Estimated Residential Rate Calculator – download spreadsheet
Estimated Residential Rate Calculator – online version
For a general comparison, the charts below show the combined (water and sewer) monthly rates that are projected over the next 5 years in both scenarios. The average Eureka resident uses 6,400 gallons of water a month. We have included a lower usage chart (4,400 gal) and a higher usage chart (8,400 gal) for reference as well.
Yes! In addition to the five Eureka public works employees that the company is planning to hire, Missouri American Water has more than 400 employees in the St. Louis region that operate and maintain our systems and respond quickly to any issues. Additionally, we have two U.S.-based customer service centers available anytime for emergencies and from 7 a.m. to 7 p.m. for non-emergency issues. Customers can also check their usage, pay their bill, and request assistance online through our user-friendly web portal. If a customer does not think we have adequately addressed an issue or concern they can contact the Missouri Public Service Commission, which will independently investigate any unresolved customer complaints.
We work hard to provide outstanding quality, service and reliability for our customers. J.D. Power ranked Missouri American Water 2nd highest in the Midwest for overall customer satisfaction in their 2020 Water Utility Residential Customer Satisfaction StudySM. The company consistently ranks in the top quartile for customer service in independent surveys of utilities.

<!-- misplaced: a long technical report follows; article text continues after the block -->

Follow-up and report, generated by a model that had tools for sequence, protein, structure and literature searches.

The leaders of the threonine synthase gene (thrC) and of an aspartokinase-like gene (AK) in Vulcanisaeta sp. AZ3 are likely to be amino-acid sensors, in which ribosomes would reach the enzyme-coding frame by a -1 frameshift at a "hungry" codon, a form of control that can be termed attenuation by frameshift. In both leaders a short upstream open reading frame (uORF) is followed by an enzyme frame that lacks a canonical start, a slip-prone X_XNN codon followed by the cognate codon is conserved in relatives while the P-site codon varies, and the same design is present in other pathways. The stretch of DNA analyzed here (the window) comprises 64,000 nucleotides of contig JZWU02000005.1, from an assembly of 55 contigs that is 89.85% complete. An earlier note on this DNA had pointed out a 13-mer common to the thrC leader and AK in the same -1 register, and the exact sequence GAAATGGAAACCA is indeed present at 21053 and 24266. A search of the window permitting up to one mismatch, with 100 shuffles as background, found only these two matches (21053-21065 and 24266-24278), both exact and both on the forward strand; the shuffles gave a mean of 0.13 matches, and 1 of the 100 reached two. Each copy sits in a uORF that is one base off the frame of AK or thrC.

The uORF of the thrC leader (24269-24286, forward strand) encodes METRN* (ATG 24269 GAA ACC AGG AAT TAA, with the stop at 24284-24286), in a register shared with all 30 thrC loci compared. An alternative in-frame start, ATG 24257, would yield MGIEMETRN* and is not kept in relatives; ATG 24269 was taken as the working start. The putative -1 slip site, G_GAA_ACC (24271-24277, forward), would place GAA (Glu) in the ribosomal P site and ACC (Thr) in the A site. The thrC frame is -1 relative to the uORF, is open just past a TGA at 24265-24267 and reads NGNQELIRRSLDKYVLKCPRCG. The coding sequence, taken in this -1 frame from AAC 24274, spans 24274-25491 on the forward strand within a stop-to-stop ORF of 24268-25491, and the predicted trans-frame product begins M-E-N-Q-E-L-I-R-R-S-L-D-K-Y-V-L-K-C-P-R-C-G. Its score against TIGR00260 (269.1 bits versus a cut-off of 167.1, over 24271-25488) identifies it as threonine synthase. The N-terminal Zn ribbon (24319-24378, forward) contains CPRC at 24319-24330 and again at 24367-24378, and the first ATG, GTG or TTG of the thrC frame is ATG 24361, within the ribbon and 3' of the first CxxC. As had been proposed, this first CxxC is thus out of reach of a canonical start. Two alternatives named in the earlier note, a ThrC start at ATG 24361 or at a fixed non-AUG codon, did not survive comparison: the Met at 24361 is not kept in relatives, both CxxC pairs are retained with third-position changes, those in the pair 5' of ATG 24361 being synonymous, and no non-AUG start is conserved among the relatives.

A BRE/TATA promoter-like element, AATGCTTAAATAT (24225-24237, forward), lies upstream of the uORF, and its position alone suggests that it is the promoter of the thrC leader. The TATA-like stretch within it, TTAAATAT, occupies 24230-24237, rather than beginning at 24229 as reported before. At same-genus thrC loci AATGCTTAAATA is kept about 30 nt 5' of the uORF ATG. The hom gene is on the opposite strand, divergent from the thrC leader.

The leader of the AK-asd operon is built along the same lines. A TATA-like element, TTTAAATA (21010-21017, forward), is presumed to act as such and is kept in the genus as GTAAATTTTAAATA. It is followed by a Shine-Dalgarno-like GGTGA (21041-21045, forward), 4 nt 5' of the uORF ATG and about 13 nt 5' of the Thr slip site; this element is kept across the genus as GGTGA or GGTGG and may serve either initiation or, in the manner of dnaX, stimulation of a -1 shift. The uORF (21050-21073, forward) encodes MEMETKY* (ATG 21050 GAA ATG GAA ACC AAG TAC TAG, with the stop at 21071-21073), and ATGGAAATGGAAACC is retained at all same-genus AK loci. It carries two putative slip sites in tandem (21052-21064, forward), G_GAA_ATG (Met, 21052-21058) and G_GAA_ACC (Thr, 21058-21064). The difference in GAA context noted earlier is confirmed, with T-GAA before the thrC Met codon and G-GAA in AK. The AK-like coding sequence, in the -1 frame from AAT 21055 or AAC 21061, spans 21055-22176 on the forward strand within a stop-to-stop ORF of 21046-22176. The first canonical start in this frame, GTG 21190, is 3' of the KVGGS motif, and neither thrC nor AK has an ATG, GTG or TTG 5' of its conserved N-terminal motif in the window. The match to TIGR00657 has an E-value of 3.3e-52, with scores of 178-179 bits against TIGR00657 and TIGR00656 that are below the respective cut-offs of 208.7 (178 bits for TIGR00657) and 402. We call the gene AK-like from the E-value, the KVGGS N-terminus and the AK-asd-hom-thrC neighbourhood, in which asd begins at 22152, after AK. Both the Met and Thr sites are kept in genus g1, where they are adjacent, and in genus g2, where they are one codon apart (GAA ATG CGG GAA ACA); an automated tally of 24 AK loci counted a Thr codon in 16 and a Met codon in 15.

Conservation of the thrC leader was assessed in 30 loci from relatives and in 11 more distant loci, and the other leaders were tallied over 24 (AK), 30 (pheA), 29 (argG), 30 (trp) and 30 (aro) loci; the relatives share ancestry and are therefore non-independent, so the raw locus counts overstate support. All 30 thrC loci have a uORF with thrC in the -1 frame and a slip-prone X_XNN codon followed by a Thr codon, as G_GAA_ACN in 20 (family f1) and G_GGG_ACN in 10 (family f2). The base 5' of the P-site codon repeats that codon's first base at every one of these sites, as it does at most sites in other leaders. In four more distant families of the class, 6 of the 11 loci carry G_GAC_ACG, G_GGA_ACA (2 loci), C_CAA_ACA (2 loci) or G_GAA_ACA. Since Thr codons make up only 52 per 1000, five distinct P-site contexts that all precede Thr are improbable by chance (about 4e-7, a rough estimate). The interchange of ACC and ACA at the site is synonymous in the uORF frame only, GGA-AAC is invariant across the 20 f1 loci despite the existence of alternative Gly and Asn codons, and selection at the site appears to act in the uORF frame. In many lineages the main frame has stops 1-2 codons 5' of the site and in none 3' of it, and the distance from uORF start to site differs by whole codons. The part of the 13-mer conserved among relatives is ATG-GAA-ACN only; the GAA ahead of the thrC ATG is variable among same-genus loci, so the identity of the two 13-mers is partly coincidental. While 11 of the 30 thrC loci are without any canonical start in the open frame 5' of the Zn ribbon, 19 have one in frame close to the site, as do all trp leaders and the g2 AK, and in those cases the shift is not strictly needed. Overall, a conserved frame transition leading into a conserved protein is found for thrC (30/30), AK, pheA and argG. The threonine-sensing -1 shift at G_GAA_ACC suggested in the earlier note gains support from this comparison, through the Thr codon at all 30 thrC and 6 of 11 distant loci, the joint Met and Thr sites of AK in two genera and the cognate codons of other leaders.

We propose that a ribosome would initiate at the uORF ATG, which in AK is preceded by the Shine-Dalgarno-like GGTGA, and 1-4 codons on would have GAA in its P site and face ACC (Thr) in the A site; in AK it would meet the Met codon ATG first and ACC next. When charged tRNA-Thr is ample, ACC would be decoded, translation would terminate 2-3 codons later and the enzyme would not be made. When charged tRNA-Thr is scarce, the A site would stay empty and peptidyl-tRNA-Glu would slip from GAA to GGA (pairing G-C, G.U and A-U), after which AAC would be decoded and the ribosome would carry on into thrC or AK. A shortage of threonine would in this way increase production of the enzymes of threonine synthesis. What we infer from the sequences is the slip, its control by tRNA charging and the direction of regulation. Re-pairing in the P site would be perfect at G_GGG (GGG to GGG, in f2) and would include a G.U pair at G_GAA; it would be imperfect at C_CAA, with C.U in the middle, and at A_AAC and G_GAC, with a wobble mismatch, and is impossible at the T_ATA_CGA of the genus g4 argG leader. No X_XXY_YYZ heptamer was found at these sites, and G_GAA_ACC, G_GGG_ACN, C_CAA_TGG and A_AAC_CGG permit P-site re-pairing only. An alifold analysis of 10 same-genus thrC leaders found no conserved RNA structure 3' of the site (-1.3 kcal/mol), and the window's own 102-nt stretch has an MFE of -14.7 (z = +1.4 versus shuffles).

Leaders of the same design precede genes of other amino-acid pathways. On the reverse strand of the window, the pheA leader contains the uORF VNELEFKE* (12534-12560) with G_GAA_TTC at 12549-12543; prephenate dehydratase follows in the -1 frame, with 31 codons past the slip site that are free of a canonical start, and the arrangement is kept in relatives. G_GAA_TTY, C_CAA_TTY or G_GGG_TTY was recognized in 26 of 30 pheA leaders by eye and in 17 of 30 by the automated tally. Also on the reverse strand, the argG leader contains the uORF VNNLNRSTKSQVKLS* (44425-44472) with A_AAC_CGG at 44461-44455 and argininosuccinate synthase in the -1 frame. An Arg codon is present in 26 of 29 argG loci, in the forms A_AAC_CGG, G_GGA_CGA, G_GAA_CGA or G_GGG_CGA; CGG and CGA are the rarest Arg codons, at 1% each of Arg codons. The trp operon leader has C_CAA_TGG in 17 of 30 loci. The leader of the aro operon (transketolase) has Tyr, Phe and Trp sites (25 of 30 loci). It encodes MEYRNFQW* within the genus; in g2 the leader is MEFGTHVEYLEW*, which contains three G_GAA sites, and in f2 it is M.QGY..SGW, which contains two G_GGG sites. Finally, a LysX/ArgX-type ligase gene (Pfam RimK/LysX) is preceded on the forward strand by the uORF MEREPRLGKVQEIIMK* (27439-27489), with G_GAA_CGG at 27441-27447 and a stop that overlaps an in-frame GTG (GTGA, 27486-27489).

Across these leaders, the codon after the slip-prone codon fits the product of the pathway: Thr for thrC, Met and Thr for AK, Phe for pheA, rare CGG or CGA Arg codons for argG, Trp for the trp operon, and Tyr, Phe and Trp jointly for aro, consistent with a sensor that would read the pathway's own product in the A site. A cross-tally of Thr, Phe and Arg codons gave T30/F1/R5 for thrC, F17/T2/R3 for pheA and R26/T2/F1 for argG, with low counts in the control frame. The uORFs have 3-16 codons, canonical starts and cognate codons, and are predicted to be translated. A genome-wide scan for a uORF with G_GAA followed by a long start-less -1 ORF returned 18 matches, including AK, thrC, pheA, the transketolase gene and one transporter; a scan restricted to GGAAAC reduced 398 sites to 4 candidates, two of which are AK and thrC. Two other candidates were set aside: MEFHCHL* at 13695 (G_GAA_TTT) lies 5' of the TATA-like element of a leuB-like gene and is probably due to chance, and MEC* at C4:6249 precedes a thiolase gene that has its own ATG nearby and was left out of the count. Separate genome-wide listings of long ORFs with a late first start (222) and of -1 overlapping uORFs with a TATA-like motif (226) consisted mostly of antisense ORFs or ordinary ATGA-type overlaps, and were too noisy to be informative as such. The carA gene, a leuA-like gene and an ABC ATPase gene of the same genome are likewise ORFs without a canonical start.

Missouri American Water is headquartered in Creve Coeur, MO, with more than 400 local employees serving the St. Louis region. We are a subsidiary of American Water (NYSE: AWK), which is a publicly traded American company headquartered in Camden, NJ. The company’s investors are primarily those who are retired or saving for retirement, as well as the company’s own employees.
Unlike a municipality that can increase customer rates with a council vote, Missouri American Water customer rates are set by an independent state commission (the Missouri Public Service Commission), which conducts an extremely thorough audit of the company’s operations, financial records, and investments before setting customer rates. The review process takes 11 months to complete and includes many opportunities for public input at local public hearings throughout the state. At the end of the process the commission sets rates based on the cost of providing service to customers.
1 Based on rate projections for a 6,400 gallon user, which is the average for residential usage in Eureka. The projected rate comparison assumes the same investment level for Eureka and Missouri American Water for sewer compliance and system reliability, as well as for proper operations and maintenance. Eureka’s rates include $10 million for reverse osmosis to improve water quality, while Missouri American Water rates include $7 million to connect Eureka to the company’s St. Louis County system.